Marta Bertolaso

Philosophy of Cancer – A Dynamic and Relational View.


Marta Bertolaso Professor of Philosophy of Science Faculty of Engineering & Institute of Philosophy of Scientific and Technological Practice, University Campus Bio-Medico of Rome.


Since the 1970s, the origin of cancer is being explored from the point of view of the Somatic Mutation Theory (SMT), focusing on genetic mutations and clonal expansion of somatic cells. As cancer research expanded in several directions, the dominant focus on cells remained steady, but the classes of genes and the kinds of extra-genetic factors that were shown to have causal relevance in the onset of cancer multiplied. The wild heterogeneity of cancer-related mutations and phenotypes, along with the increasing complication of models, led to an oscillation between the hectic search of ‘the’ few key factors

that cause cancer and the discouragement in face of a seeming ‘endless complexity’. To tame this complexity, cancer research started to avail itself of the tools that were being developed by Systems Biology. At the same time, anti-reductionist voices began claiming that cancer research was stuck in a sterile research paradigm. This alternative discourse even gave birth to an alternative theory: the Tissue Organization Field Theory (TOFT). A deeper philosophical analysis shows limits and possibilities of reductionist and anti-reductionist positions and of their polarization. This book demonstrates that a radical philosophical reflection is necessary to drive cancer research out of its impasses. At the very least, this will be a reflection on the assumptions of different kinds of cancer research, on the implications of what cancer research has been discovering over 40 years and more, on a view of scientific practice that is most able to make sense of the cognitive and social conflicts that are seen in the scientific community (and in its results), and, finally, on the nature of living entities with which we entertain this fascinating epistemological dance that we call scientific research. The proposed Dynamic and Relational View of carcinogenesis is a starting point in all these directions.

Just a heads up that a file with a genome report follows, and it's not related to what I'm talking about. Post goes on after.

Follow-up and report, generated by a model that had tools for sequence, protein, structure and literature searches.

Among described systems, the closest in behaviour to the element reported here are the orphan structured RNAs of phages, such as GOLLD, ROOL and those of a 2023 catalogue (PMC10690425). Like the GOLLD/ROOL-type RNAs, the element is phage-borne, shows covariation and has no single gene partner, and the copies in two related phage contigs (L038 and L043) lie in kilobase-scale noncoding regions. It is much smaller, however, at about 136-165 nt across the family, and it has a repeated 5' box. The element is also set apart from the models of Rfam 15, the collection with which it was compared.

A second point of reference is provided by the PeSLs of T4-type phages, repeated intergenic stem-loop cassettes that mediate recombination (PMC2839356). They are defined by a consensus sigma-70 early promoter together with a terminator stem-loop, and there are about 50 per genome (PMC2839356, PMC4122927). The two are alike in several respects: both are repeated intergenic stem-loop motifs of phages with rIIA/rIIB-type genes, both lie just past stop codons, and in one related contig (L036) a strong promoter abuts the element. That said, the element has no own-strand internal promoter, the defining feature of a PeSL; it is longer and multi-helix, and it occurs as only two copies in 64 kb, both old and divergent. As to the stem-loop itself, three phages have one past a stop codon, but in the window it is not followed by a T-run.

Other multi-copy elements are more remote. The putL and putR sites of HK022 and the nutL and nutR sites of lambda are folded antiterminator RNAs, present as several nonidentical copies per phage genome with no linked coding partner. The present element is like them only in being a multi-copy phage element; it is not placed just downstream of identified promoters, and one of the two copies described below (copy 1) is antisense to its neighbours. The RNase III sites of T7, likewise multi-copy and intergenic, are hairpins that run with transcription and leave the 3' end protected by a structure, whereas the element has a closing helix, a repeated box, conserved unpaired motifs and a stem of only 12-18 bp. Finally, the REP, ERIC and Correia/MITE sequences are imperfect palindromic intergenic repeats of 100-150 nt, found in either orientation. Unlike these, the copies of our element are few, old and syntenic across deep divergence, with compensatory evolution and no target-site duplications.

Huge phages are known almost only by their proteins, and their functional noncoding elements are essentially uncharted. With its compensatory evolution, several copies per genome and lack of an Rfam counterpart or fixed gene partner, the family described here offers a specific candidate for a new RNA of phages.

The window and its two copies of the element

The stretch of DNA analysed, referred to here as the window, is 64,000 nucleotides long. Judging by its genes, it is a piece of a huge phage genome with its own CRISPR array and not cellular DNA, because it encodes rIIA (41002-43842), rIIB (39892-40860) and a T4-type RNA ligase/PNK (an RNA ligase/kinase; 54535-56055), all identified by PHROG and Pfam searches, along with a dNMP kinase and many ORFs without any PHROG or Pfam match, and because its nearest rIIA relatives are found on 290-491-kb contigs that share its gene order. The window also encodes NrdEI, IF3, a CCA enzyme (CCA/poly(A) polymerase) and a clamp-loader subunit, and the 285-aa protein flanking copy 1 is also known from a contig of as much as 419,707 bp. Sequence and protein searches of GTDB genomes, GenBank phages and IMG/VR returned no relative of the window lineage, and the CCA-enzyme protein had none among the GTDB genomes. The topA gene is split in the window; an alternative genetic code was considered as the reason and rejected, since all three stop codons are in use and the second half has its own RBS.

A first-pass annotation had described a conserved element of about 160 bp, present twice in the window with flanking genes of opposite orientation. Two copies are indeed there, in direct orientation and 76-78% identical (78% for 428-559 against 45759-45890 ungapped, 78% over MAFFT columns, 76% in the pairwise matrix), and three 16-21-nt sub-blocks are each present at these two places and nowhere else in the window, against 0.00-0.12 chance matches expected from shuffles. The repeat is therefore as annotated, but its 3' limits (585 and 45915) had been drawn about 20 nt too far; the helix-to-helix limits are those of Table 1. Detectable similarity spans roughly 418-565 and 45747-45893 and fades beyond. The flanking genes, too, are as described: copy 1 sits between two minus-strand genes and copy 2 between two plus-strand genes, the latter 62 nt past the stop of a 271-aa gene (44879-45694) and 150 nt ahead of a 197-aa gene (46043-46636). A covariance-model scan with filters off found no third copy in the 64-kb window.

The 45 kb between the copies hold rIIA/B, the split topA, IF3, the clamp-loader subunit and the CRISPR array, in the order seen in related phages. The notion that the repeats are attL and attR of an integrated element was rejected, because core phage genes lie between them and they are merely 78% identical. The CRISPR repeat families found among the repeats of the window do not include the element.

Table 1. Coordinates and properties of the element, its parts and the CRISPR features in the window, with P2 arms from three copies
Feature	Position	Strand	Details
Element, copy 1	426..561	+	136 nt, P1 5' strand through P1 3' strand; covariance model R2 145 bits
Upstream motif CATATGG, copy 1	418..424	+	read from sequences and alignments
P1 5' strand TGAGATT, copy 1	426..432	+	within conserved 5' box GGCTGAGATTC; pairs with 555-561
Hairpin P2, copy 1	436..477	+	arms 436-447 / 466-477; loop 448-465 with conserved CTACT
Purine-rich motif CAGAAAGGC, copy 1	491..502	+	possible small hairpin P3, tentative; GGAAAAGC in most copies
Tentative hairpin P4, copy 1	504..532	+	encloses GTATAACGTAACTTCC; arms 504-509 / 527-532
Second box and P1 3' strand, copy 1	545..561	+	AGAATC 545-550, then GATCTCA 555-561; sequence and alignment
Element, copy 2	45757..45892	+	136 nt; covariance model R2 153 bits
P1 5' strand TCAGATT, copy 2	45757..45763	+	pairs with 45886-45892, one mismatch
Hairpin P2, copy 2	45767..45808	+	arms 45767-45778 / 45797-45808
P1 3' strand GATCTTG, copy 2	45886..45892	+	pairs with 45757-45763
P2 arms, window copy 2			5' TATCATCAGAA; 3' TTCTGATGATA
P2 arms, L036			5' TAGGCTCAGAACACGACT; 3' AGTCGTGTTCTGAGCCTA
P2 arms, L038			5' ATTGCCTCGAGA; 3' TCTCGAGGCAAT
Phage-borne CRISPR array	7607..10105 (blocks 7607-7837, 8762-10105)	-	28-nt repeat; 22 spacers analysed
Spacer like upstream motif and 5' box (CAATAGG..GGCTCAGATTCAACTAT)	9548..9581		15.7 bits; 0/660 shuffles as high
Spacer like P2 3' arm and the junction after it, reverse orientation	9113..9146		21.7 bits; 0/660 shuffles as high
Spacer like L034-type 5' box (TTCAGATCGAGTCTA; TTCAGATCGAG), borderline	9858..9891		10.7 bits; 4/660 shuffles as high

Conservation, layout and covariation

Robert D. Enright and Richard P. Fitzgibbons

Forgiveness Therapy: An Empirical Guide for Resolving Anger and Restoring Hope.


Dr. Robert Enright is a professor of Educational Psychology at the University of Wisconsin-Madison, a licensed psychologist, and co-founder of the International Forgiveness Institute, a not-for-profit organization dedicated to the dissemination of knowledge about forgiveness and community renewal through forgiveness.

He is the unquestioned pioneer in the scientific study of forgiveness. He has been called “the forgiveness trailblazer” by Time magazine and is often introduced as “the father of forgiveness research” because of his 34-year academic commitment to researching and implementing forgiveness programs.

Dr. Enright is the author or editor of seven books and over 150 publications centered on social development and the psychology of forgiveness. He pioneered forgiveness therapy and developed an early intervention to promote forgiveness—the 20-step “Process Model of Forgiving.”

His latest endeavors include forgiveness education in various world communities (for example Belfast, Bethlehem, Manila, and Monrovia) so that students begin to learn about forgiveness, which may aid their resilience as they confront and overcome serious injustices against them now and into adulthood.

Richard Fitzgibbons, M.D., is the director of the Institute for Marital Healing outside Philadelphia. He has treated and written extensively about excessive anger and other psychological conflicts in marriage, children, divorce, the priesthood and the crisis in the Church over the past 40 years. The benefits of Faith are described in much of his writing.

He trained in psychiatry at the Hospital of the University of Pennsylvania and the Philadelphia Child Guidance Center. He graduated from Temple University School of Medicine and St. Joseph’s University, Philadelphia.